We talked a few days ago about how new cars are vulnerable to a flawed shine and we discussed the need to correct and then protect any flaws in a new vehicle paint job and sealing it in with a ceramic coating.
Today, I want to talk about the vast majority of the car show out there – the aging or down right worn-out vehicle; one that has the potential to be a classic; one that is already a classic but not up to winning any car show awards; and the well-worn but rarely waxed family vehicle that with a little fixing up, would make a great second family car or vehicle for an up and coming teen driver.
Let’s take a 15-year-old family Toyota or Honda – their mechanical attributes always outrun their physical attributes. Your kids have grown up init – in fact, each earned their weekly allowance giving it a good wash.
But now your oldest is getting their driver’s license and needs their own vehicle. The paint is faded because it was never properly waxed. There are rough spots where bird droppings have sat too long on the surface before being washed off; too many small scratches to count causing your paint to look dull and cloudy; and a mixture of swirl marks, water spots, and streaks.
American Detail are expert paint correction detailers and you will find posts specifically about paint correction and paint enhancement, as we build our blog; but for now let’s talk about why a ceramic coating is one of the best investments in a vehicle you can make.
Revitalizing the paint on an aging vehicle is an investment,and as any businessperson knows, you must protect that investment. A paint correction detail is vital to achieving the utmost shine from any vehicle and yet it is a lot less expensive than a re-spray, which will also crash the overall value of your vehicle. You want to maintain the OEM parts and paint if possible – especially if you plan to put it on the car show circuit, or if you want to get more for it when you trade or sell.
American Detail will use a ceramic coating to seal that revitalized shine for anywhere from two to seven years – and that protection will last a lot longer than the original paint!
Because a ceramic coating is not a topical product like wax or even a paint sealant.
The aerospace industry was looking for something that would aerodynamically decrease “drag” on the exterior of an aircraft caused by the build-up of dirt and contaminants, which would in turn, significantly bring down fuel costs.
From that nano particle science, auto appearance entrepreneurs immediately developed a nano particle coating that works as well on automotive paint. Ceramic coatings are different because they bond chemically– not topically – to the paint surface so the two become one surface. That coated surface cannot be rubbed or worn off. In fact, a ceramic coating can only be removed by an abrasive process, not recommended!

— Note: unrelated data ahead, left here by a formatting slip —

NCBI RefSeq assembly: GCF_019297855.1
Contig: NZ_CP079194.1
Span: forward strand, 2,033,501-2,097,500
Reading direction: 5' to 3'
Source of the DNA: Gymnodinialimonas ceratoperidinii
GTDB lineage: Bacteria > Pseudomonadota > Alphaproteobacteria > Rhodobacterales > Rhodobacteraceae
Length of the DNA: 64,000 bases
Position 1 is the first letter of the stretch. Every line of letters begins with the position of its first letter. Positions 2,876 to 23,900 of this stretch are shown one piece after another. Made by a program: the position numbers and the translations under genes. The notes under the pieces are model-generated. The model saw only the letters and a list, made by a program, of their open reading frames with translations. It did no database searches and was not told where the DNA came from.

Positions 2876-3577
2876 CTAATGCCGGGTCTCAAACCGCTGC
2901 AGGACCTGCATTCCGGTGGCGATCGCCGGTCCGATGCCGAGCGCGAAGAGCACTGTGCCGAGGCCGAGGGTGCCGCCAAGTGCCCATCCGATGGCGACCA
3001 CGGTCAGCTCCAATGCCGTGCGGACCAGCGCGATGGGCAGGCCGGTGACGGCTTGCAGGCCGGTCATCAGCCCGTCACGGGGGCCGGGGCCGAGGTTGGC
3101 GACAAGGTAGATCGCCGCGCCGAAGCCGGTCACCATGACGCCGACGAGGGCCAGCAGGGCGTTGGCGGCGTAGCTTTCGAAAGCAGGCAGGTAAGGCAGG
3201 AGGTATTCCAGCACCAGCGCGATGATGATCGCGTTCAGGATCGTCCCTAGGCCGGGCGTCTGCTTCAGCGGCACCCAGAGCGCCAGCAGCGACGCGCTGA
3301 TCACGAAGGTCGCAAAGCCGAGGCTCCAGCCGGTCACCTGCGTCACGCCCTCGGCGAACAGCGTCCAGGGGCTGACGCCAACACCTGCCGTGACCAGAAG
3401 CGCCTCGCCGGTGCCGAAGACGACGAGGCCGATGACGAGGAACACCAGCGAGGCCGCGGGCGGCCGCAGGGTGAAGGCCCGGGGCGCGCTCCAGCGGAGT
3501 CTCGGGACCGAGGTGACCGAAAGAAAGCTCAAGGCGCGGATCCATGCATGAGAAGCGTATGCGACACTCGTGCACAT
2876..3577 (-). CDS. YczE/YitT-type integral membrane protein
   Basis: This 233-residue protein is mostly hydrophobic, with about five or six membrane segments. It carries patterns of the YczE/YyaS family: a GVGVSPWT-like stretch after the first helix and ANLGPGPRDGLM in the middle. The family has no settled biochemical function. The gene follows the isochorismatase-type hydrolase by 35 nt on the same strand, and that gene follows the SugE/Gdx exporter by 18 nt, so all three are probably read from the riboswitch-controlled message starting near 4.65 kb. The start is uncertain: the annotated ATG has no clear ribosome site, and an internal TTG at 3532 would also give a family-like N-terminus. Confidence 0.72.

Once we have the paint surface flawless after a clay bar and paint correction, a ceramic coating seals it in a hard, durable, highly hydrophobic ceramic shield that repels those environmental contaminants like bird droppings, bugs, water spots and streaks. Dirt and rainwater with its micro-contaminants will bead up and roll right off the surface. Ice and sleet cannot stick to the surface. The sun will not soften it or penetrate it; and it cannot be worn off.
Let us add a layer of Paint Protection Film (PPF) to the most vulnerable areas of your vehicle like the frontend, backend, and door panels, and then install a ceramic coating on top of it. You will not only extend the shine another five years, but the film has additional defense mechanisms that protect against the daily dings and stings from road debris,stone and rock chips; scratches caused from rough clothing, keys and jewelry;and bumps from car doors, grocery bags, briefcases, luggage and purses.
For many years, car owners searched for a magic cure to maintain or restore a faded car shine. After several fits and starts with successful paint sealants and creamy waxes, they all fell short on longevity.Ceramic coatings offer vehicle protection that lasts months and years – not weeks and months!